But back to the book, which I love, and maybe not for the right reasons: Pacific Rims is very well researched, for starters. The history of basketball and the American educational system in the Philippines, long-standing rivalries between teams, local politics in Boracay, the elaborate import system (where a player from America gets to play for a Philippine team during a so-called “reinforced conference”, Robert Jaworski as a phenomenon, the meaning of diskarte and gulang, corporate sponsorship, the relationship between players and their loyal fans, the tragic tale of Billy Ray Bates – they’re all here. And I write this with barely disguised professional envy because the social-history aspect of Pacific Rims is all so breezily and skillfully done.
No, it’s not the sort of book that would satisfy a history or political science requirement; there just aren’t enough numbers in it. (And yes, the former academic in me would cite that as a bit of a problem: I wanted citations; I wanted statistics.) But it’s such an enjoyably written chronicle of lived experience, stuffed with observational detail, that it’s hard not to want students to read it in order to understand the Philippines a little more. It’s something academic writers could learn from, really. The humor (and Pacific Rims is frequently hilarious, so funny I would laugh out loud on the train) – well, that’s a little more difficult to learn.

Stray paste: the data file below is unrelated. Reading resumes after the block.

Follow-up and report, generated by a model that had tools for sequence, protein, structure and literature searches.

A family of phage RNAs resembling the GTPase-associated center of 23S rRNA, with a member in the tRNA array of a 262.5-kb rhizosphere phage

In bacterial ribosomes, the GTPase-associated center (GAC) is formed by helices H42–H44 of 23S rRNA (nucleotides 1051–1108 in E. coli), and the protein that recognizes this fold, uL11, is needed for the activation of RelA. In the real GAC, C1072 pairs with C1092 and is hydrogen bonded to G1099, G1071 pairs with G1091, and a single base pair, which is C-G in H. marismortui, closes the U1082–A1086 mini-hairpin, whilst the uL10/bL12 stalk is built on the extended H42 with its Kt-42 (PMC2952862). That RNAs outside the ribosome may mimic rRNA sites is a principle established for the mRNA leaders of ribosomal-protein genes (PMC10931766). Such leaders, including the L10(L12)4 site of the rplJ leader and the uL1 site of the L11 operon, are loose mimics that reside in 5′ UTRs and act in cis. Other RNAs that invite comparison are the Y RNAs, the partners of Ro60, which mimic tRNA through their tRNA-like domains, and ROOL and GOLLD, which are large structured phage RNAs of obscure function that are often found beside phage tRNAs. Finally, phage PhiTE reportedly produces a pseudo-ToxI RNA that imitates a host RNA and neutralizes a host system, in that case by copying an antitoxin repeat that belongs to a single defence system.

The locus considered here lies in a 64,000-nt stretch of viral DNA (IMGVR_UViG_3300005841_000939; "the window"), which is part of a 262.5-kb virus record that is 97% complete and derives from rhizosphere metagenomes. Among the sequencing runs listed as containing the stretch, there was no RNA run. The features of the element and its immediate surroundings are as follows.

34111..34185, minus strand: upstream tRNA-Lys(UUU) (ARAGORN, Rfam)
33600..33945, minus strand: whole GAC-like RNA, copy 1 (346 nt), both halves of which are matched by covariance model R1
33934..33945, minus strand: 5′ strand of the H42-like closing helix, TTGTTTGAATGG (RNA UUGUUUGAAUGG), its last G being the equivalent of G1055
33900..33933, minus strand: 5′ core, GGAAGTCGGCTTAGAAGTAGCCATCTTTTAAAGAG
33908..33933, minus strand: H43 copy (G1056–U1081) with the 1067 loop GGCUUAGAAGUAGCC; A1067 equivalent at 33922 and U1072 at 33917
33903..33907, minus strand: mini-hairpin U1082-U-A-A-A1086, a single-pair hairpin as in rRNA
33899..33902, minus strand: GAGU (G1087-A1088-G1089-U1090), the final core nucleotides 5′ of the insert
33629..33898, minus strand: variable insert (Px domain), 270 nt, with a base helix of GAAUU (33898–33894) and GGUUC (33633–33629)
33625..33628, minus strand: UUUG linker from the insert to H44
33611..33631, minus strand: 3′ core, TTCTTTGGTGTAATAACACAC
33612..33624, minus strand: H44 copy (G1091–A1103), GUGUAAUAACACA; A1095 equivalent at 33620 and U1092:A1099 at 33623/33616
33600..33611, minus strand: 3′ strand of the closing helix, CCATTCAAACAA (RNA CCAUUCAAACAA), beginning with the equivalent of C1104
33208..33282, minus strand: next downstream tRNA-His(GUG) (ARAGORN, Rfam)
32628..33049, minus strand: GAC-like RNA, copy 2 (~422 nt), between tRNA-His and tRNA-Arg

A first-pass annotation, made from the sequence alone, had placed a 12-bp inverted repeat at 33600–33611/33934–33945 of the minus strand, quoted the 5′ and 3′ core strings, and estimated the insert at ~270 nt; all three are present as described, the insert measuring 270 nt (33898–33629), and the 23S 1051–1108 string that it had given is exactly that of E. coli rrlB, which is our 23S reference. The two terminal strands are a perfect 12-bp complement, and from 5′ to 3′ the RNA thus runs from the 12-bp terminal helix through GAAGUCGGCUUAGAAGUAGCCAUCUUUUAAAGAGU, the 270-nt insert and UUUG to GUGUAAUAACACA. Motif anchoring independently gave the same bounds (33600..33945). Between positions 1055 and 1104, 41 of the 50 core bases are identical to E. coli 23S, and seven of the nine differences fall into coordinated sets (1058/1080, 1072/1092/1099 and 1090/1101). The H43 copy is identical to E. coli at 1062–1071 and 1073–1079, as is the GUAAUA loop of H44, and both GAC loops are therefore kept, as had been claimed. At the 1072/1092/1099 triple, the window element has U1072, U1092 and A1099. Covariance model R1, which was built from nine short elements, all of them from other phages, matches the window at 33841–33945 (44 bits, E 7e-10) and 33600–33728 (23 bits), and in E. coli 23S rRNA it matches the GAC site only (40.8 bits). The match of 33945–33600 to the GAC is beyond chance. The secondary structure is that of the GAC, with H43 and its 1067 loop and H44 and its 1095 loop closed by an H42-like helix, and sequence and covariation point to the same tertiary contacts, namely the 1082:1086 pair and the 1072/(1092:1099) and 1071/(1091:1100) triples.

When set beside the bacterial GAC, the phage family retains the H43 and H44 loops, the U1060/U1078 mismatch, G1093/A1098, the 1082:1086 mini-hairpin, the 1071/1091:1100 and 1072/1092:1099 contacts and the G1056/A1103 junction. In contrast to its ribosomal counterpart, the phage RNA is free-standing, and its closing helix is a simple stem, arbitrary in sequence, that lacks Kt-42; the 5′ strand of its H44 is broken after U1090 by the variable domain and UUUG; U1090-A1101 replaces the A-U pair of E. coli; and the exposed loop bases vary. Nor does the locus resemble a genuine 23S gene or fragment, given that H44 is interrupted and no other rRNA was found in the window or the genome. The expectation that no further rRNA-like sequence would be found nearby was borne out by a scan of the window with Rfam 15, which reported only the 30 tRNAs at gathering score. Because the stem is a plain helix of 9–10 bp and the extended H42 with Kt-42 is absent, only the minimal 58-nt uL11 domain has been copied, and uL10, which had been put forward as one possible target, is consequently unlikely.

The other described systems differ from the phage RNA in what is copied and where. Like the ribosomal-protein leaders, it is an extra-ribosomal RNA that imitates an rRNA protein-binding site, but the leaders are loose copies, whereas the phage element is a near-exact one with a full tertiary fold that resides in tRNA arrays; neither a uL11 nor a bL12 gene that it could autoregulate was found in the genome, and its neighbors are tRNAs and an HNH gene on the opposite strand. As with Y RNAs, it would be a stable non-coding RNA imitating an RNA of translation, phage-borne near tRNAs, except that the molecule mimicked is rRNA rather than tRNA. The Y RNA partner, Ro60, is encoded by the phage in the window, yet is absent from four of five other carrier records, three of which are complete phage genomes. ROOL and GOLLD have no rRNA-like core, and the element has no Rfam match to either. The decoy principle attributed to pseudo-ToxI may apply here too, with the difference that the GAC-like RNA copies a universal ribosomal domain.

I guess I should probably talk about the sports writing itself; for reasons already discussed above, it’s not exactly my cup of tea – though I’ve long been envious of sportswriters, who can get away with murder in newsprint – and as such (to me) constitute the weaker parts of the book. Pacific Rims more or less follows the arc of a playoff series, and in the closing innings – sorry, minutes – of the book Bartholomew focuses closely on locker-room dynamics and the intricacies of specific games themselves, quarter by quarter. Again, not my forte – I can barely visualize what’s going on sometimes – but Bartholomew manages to make his cast of characters (Willie Miller, Tim Cone, the rest of the Alaska team) come alive.